Publications by authors named "Pedro Cuevas-Estandia"

2 Publications

  • Page 1 of 1

[Twelve years of liver transplant at the San José-Tec De Monterrey Hospital].

Rev Invest Clin 2011 Sep;63 Suppl 1:73-8

Centro de Enfermedades Hepáticas, Hospital San José-Tec de Monterrey.

Background: Liver transplantation is the only curative alternative for patients with end stage liver disease or acute liver failure.

Aim: To report the experience of a single transplant center in Mexico.

Material And Methods: Fifty-five transplants in 54 adult patients were analyzed between 1999 and 2011 in a single private institution. All grafts were obtained from deceased donor. Surgical technique, donor and recipient demographics, complications, causes of death and overall survival are described. Results were expressed as range and percentages. A Kaplan-Meier survival curve was done to analyze patient and graft survival.

Results: Main cause of cirrhosis was hepatitis C virus infection followed by alcohol intake. A 16% of patients developed biliary complications without graft loss, and vascular complications were observed in 15%. Patient survival at one and five years was 83% and 76%, respectively.

Conclusions: Complication rates and survival in our center are comparable to those in the United States and Europe.
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September 2011

Laparoscopic loop ileostomy reversal: reducing morbidity while improving functional outcomes.

JSLS 2011 Oct-Dec;15(4):475-9

Texas Endosurgery Institute, San Antonio, TX, USA.

Introduction: Loop ileostomy reduces the morbidity associated with pelvic sepsis. However, its reversal carries a 10% to 30% complication rate. We present our technique for laparoscopic ileostomy closure.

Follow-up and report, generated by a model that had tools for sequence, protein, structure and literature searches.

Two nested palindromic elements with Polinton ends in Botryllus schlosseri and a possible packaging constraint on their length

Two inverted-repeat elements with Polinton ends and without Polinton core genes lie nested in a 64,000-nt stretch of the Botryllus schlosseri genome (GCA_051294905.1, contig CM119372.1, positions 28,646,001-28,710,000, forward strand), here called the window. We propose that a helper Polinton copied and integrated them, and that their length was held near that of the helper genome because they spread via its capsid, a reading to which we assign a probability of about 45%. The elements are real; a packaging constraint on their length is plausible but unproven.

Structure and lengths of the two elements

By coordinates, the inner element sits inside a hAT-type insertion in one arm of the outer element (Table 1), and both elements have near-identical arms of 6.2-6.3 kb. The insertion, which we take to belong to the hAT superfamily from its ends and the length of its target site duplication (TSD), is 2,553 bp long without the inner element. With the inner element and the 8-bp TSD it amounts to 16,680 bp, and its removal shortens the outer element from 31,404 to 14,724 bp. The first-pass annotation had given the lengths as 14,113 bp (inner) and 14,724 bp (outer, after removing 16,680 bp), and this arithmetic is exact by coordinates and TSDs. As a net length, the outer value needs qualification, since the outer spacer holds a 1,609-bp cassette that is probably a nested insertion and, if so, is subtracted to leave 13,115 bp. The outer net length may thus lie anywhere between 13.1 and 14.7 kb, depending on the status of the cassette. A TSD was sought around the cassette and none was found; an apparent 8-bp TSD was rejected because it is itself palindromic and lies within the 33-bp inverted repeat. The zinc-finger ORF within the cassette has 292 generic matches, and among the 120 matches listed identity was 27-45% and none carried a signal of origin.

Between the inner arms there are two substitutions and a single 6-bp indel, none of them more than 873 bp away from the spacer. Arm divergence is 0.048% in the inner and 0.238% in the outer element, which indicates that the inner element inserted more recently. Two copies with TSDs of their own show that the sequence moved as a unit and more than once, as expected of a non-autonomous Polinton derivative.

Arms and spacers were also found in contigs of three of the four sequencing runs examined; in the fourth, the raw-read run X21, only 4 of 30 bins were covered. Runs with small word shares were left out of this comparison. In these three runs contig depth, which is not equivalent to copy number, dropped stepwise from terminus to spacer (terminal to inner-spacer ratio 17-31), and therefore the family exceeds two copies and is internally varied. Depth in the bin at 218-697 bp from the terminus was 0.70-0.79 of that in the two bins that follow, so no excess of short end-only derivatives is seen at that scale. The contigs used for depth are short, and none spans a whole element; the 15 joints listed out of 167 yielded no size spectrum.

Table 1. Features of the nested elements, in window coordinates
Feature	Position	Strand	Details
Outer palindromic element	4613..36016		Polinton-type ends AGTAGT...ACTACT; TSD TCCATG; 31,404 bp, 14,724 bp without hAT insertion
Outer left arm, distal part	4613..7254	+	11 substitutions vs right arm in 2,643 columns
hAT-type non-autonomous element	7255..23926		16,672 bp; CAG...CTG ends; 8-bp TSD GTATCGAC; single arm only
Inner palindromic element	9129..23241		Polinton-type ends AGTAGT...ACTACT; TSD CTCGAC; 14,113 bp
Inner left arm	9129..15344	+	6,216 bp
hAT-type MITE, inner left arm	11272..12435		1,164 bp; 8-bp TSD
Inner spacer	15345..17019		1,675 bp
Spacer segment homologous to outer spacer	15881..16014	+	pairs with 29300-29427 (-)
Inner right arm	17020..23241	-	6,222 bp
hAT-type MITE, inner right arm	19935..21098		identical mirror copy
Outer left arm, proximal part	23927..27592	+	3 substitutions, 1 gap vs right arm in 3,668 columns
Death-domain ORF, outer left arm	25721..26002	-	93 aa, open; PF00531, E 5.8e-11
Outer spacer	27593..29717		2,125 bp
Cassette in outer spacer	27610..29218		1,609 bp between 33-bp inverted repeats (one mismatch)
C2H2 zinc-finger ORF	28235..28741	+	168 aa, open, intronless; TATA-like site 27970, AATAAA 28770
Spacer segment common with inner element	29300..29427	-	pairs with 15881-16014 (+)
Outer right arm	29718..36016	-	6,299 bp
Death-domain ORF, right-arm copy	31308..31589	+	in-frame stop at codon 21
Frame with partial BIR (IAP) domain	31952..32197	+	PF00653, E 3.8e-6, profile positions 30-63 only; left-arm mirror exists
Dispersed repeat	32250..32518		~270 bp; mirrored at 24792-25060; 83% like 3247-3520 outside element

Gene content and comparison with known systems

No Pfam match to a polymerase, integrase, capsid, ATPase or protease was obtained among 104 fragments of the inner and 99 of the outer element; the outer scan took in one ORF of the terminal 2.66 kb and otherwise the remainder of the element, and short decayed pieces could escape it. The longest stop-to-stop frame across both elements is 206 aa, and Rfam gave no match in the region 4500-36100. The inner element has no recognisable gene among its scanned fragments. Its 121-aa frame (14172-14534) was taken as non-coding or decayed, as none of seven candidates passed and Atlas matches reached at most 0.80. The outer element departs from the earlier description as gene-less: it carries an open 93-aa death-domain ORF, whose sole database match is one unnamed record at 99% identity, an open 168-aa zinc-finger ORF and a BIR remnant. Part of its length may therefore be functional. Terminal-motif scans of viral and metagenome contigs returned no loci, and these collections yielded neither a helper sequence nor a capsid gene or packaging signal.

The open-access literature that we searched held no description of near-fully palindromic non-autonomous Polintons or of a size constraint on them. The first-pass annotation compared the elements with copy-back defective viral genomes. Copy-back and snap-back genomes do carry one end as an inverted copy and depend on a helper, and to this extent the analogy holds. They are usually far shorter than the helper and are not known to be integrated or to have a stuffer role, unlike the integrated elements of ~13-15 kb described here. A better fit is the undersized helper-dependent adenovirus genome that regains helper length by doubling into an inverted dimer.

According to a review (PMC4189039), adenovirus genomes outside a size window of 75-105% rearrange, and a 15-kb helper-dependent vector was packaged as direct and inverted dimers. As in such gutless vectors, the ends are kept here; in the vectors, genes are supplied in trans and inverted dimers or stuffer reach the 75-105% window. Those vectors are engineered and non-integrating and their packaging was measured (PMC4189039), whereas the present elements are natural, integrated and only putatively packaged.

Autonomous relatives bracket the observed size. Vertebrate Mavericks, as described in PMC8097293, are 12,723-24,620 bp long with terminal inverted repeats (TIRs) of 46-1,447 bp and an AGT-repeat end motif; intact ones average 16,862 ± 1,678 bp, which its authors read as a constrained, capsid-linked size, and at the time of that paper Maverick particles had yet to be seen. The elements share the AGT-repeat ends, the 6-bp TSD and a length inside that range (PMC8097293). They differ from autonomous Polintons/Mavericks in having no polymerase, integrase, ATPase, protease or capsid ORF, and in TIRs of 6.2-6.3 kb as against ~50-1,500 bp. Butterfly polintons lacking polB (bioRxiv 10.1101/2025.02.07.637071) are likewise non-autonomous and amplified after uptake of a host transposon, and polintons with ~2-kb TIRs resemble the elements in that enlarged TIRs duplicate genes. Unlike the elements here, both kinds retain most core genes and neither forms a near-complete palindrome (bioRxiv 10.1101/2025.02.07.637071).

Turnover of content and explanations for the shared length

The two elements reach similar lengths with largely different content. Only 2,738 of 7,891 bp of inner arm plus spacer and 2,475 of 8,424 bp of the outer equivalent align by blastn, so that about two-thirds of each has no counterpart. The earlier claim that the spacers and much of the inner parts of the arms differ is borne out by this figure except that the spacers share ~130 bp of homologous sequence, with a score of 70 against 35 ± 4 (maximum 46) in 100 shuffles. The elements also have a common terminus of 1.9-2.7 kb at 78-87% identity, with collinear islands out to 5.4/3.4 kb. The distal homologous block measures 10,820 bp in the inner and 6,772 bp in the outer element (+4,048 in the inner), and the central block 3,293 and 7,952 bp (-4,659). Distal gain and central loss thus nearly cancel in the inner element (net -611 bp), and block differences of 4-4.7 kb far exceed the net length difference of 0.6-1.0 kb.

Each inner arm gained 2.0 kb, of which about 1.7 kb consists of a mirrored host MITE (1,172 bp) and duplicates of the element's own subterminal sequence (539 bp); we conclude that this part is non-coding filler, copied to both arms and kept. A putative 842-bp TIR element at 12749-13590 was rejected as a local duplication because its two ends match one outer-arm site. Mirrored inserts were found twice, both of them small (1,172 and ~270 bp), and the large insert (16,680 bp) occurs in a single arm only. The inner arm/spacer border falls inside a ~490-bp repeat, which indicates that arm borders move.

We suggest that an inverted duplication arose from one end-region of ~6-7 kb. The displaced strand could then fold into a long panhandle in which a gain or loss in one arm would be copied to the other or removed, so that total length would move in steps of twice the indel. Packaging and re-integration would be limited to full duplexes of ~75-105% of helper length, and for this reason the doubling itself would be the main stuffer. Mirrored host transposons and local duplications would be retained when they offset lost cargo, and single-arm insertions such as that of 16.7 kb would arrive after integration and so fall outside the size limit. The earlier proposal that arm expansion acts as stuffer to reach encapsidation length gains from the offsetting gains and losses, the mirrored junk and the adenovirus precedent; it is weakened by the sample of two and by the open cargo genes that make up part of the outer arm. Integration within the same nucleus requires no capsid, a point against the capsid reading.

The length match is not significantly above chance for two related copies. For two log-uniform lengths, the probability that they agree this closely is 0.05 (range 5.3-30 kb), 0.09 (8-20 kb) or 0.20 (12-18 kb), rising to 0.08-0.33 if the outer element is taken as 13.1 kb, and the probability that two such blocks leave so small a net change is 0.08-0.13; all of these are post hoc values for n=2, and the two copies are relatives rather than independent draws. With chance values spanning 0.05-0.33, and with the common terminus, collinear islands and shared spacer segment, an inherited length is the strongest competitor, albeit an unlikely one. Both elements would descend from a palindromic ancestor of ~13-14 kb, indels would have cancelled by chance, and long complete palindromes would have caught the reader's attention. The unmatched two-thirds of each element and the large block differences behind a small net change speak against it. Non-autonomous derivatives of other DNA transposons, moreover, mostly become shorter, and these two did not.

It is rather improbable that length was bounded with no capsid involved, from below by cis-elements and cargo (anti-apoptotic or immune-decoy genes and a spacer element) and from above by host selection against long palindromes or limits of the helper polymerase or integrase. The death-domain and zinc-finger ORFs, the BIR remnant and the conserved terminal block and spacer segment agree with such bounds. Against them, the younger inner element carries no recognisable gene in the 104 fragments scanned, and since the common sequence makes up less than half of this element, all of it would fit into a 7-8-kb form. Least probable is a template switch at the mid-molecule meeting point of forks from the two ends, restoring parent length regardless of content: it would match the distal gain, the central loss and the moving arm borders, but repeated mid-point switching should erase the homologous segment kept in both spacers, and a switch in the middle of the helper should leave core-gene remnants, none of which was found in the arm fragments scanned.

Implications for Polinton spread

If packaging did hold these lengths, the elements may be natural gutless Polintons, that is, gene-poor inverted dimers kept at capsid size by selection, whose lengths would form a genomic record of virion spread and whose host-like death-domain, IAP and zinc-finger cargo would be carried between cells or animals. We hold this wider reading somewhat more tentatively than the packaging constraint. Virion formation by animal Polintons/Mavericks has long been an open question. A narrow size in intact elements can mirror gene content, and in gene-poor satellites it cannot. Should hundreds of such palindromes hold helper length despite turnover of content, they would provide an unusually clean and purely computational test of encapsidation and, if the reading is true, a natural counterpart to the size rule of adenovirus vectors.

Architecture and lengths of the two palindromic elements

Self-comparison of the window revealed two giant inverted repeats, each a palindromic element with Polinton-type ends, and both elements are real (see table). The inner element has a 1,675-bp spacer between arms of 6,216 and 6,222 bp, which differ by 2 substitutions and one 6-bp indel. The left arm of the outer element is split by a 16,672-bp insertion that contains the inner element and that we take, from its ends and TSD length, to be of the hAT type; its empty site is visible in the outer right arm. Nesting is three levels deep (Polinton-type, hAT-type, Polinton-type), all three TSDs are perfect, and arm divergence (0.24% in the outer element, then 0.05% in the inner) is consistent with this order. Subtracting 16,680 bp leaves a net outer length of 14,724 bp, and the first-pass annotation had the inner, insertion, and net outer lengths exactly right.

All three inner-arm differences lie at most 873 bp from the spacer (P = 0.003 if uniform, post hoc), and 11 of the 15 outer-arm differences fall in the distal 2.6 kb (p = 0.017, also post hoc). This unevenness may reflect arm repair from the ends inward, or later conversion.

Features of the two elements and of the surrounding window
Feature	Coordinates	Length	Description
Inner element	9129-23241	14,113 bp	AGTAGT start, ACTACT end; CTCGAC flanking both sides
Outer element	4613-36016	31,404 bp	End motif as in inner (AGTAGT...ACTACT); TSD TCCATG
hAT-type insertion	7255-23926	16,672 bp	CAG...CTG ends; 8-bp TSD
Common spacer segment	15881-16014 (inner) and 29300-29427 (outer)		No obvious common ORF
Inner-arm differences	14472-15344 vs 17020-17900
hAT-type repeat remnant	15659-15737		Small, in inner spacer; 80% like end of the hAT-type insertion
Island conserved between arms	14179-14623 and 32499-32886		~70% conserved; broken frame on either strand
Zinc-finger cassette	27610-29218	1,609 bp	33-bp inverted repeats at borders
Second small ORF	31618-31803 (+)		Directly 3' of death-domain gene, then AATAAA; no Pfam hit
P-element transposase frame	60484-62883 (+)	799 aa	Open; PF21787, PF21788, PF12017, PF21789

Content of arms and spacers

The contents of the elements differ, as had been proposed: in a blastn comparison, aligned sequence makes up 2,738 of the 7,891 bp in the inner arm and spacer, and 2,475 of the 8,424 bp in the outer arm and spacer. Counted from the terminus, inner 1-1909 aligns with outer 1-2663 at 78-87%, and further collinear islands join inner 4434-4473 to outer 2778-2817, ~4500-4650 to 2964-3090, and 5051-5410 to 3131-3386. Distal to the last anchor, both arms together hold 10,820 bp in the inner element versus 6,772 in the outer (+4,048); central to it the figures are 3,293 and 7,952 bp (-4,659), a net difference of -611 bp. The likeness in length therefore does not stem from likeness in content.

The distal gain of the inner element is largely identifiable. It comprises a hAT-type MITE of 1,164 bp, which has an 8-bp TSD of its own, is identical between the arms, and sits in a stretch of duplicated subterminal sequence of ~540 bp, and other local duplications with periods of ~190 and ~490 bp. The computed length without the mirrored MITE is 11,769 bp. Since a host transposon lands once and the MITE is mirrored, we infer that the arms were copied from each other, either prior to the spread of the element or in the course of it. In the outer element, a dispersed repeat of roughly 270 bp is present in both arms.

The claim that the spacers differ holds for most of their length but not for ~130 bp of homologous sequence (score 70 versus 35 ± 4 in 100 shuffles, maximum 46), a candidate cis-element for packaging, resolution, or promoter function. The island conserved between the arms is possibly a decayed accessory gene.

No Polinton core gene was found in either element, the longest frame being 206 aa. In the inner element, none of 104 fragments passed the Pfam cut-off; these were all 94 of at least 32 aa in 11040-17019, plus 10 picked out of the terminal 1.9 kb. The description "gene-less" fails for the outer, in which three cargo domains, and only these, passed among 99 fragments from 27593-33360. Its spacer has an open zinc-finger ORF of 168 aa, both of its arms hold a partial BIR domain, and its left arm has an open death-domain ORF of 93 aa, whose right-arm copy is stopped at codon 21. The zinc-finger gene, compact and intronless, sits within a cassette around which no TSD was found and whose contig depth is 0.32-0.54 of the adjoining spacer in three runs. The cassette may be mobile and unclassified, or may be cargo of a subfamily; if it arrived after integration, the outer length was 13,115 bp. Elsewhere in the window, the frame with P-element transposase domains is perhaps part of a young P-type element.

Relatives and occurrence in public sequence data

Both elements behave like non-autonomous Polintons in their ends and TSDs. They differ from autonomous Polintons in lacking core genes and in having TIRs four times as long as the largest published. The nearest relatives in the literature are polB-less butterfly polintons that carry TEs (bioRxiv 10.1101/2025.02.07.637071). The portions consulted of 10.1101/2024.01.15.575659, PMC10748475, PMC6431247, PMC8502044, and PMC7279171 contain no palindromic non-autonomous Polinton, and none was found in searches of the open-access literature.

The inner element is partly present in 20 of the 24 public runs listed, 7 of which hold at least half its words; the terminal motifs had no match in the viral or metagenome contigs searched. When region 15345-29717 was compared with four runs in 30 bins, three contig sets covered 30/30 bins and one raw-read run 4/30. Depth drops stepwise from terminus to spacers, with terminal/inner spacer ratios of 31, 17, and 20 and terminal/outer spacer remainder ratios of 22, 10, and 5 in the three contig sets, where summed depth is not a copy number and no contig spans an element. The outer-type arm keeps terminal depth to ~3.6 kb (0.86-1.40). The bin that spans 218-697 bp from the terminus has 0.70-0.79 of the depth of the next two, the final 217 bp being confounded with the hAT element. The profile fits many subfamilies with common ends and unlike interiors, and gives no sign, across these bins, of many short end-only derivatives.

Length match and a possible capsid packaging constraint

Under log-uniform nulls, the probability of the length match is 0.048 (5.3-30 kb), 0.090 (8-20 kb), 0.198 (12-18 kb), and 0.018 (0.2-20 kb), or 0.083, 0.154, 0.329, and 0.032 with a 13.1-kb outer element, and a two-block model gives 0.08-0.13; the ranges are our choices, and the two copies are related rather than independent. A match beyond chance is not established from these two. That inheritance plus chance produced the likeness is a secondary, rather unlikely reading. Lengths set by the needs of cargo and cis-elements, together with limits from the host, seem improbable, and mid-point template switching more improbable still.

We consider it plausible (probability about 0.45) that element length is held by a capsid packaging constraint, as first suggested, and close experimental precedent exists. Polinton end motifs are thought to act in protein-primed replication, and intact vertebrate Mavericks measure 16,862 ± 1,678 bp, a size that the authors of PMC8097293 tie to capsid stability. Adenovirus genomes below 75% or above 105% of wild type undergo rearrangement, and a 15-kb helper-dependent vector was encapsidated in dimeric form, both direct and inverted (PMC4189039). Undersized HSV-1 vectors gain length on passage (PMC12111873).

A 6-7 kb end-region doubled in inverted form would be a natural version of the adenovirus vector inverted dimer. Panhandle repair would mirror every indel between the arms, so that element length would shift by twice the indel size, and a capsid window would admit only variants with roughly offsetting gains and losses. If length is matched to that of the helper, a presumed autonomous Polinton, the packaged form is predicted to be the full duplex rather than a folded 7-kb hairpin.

Methods: We conducted a retrospective chart review of subjects undergoing laparoscopic-assisted loop ileostomy closure between 2006 and 2009. Operating time, length of hospital stay, return of bowel function, and complication rates were assessed.

Results: There were 24 (13 males) patients. Average age was 63 with a BMI of 25.9. Eighteen (75%) had a planned loop ileostomy, and 6 (25%) were emergent. Average time to reversal was 135 days. Average length of surgery was 79 minutes (range, 48 to 186), average stay was 4 days and return to bowel function was 3.6 days. We had no wound infections. Our complication rate was 29% (n=7), and reoperation rate was 12.5% (n=3). Only 1 major complication occurred, an anastomotic dehiscence.

Conclusion: A thorough, well-visualized lysis of adhesions and mobilization of the stoma and surrounding small bowel is the main advantage of our approach. We had no wound infections and no reoperation for bowel obstruction, which we feel is a direct advantage of our technique. Our complication rate and surgical time are comparable to those of the open technique.
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http://dx.doi.org/10.4293/108680811X13176785203950DOI Listing
http://www.ncbi.nlm.nih.gov/pmc/articles/PMC3340955PMC
August 2012